Compression of the Left Common Iliac Vein by the Right Common Iliac Artery at the End of Gestation

Josualdo Euzebio Da Silva*, Julio Cézar Brandão, Eneida Melo Couto, Carolina Pereira Paes Ferreira, Patricia Sanches Carneiro and Luiz Ronaldo Alberti

Institute of Angiology, Vascular and Endovascular Surgery, Brazil

*Corresponding Author:
Josualdo Euzebio Da Silva
Institute of Angiology
Vascular and Endovascular Surgery
Belo Horizonte Area, Brazil,
Tel: 313241-3875
E-mail: [email protected]

Received Date: September 19, 2018; Accepted Date: November 12, 2018; Published Date: November 19, 2018

Citation: Silva JD (2018) Compression of the Left Common Iliac Vein by the Right Common Iliac Artery at the End of Gestation. J Vasc Endovasc Therapy. 3:19.

 
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Abstract

Pain, swelling, and deep venous thrombosis are common symptoms of the compression of the left common iliac vein by the right common iliac artery. One 29-year-old patient of gestation of the firstborn was presented significant edema and acute lower limb pain, and echocardiogram exam revealed acute thrombus in the left common iliac vein. She was submitted to a vena cava filter implant.

Keywords

May-turner; Thrombus; Implant; Pregnancy

Introduction

May and Thurner in 1957 clearly described venographic and hemodynamic findings to the compression of the left common iliac vein by the right common iliac artery [1], and is caused by both mechanical and physiologic factors. Although its incidence is still unclear, reports of iliac vein compression are common, and it is classically reported to be in young females and with symptoms of unilateral leg pain and edema. Clinical presentation and history of the patient are critical because the presence of iliac vein compression alone is insufficient for a diagnosis [2].

Diagnostic imaging inclui some modalities like ultrasonography, computed tomography, magnetic resonance venography, ascending contrast venography, hemodynamic studies, and intravascular ultrasound. The surgical management of MTS is correlated with a high morbidity rate and the use of endovascular techniques apresenta significativamente less risk and that can provide the best outcome. Endovascular treatment options include catheterdirected thrombolysis, angioplasty, and ultimately stent placement [2].

Case Report

Patient of 29 years of age presented himself in the obstetric outpatient clinic of an emergency unit, with sudden and acute of pain and significant edema in lower limb. Patient with no previous history of thromboembolic phenomena at the 37th week of gestation of the firstborn, presenting 5-cm dilation. She was submitted to the emergency echocardiogram exam, which revealed acute thrombus in the left common iliac vein. In an emergency, she was submitted to a vena cava filter implant and referred for delivery on the same day.

The newborn did not present changes and was discharged within two days. After 1 week after delivery, the patient developed pain worsening and a significant increase in edema undergoing electromechanical venous thrombectomy using the Aspirex® type catheter and left common iliac vein stenosis. Implantation of the left common iliac vein stent was performed due to compression of the left common iliac vein by the right common iliac artery (Cockt's Syndrome or May- Turnner). No immediate complication occurred and patient's symptoms completely resolved (Figure 1).

vascular-endovascular-therapy-iliac-vein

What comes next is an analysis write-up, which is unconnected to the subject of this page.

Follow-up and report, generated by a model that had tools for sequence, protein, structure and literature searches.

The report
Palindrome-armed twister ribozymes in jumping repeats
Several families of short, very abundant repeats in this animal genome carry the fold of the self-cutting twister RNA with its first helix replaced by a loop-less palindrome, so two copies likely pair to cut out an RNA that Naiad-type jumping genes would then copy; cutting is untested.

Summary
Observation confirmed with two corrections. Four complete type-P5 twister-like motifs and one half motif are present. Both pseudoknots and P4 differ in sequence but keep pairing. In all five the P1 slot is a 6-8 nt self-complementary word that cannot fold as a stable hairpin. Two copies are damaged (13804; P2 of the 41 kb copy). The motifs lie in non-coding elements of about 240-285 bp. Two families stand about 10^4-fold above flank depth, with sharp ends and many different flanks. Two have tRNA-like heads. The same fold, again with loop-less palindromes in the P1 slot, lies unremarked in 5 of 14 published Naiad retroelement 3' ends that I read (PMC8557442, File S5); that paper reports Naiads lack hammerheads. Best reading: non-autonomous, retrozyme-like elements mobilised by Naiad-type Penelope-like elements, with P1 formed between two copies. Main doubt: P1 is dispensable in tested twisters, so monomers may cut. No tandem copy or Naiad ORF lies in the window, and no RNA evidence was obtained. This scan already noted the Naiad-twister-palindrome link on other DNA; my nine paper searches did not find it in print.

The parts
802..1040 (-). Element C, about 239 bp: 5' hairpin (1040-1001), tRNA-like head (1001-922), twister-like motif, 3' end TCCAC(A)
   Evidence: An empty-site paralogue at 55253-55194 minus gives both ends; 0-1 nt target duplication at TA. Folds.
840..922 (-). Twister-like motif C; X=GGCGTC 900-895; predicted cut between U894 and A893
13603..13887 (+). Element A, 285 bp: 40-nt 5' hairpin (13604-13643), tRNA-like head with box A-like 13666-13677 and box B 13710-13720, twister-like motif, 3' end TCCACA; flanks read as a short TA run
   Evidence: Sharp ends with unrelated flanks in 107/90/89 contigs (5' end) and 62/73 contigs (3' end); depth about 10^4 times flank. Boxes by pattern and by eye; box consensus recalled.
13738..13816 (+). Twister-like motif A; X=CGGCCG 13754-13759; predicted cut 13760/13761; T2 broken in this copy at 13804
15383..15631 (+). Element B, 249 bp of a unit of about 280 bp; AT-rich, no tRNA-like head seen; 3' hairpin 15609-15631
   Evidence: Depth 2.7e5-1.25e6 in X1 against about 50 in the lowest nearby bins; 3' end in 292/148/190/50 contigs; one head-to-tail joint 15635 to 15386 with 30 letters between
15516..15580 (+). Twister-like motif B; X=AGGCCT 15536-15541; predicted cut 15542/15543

Figure 1: (A) Phlebography being evidenced occlusion of external and common iliac vein (B) Image showing the vena cava filter and the stent in the common and external iliac vein. The filter was implanted on the day of diagnosis when it was 37 weeks' gestation. The implant was performed to prevent venous thromboembolism for presenting acute venous thrombosis of the common and external iliac vein. Performed implant of the vena cava filter and delivery 30 minutes after the implant. The stent was implanted on the day of venous thrombectomy because the patient presented compression of the left iliac vein by the right common iliac artery (C) Phlebography being evidenced femoral vein pervea with occlusion in the origin of the external iliac vein (D) Image showing an Aspirex thrombectomy catheter within the iliac vein promoting thrombus removal (E) Filter implanted in the inferior vena cava on the day of the diagnosis of thrombosis with the fetus, dilation of the uterine cervix (F) Fetus with 37 weeks at the moment of the implantation of the vena cava filter.

Discussion

It is notorious that the condition of gestation causes important hemodynamic changes, the thrombotic phenomena during pregnancy are the result of hypercoagulability, combined with compression of the inferior vena cava by the gravid uterus. These changes of thrombogenic character are physiological resources preparatory to the delivery, reducing the risks of bleeding.

Data from the literature indicate that approximately eighty percent of the cases occur in the left leg due to abnormal compression of the left iliac vein by the right common iliac artery, a condition of the clinical case described in this article. And how were pointed out by Cagiatti in 2011 these occurs in a relevant number of asymptomatic individuals [3], being necessary a greater attention the complaints of edema and pain in lower limb, mainly in primigestas.

Studies have suggested that endovascular management with thrombolysis and stenting can result in better long term outcomes [4,5]. With the improvement in percutaneous endovascular techniques, balloon angioplasty and stenting have become the standard of care for cases like these. Concluding, in pregnant patients, even without history, the presence of acute pain and important edema in the lower limbs, may indicate a possible case of thurner syndrome.

Reference

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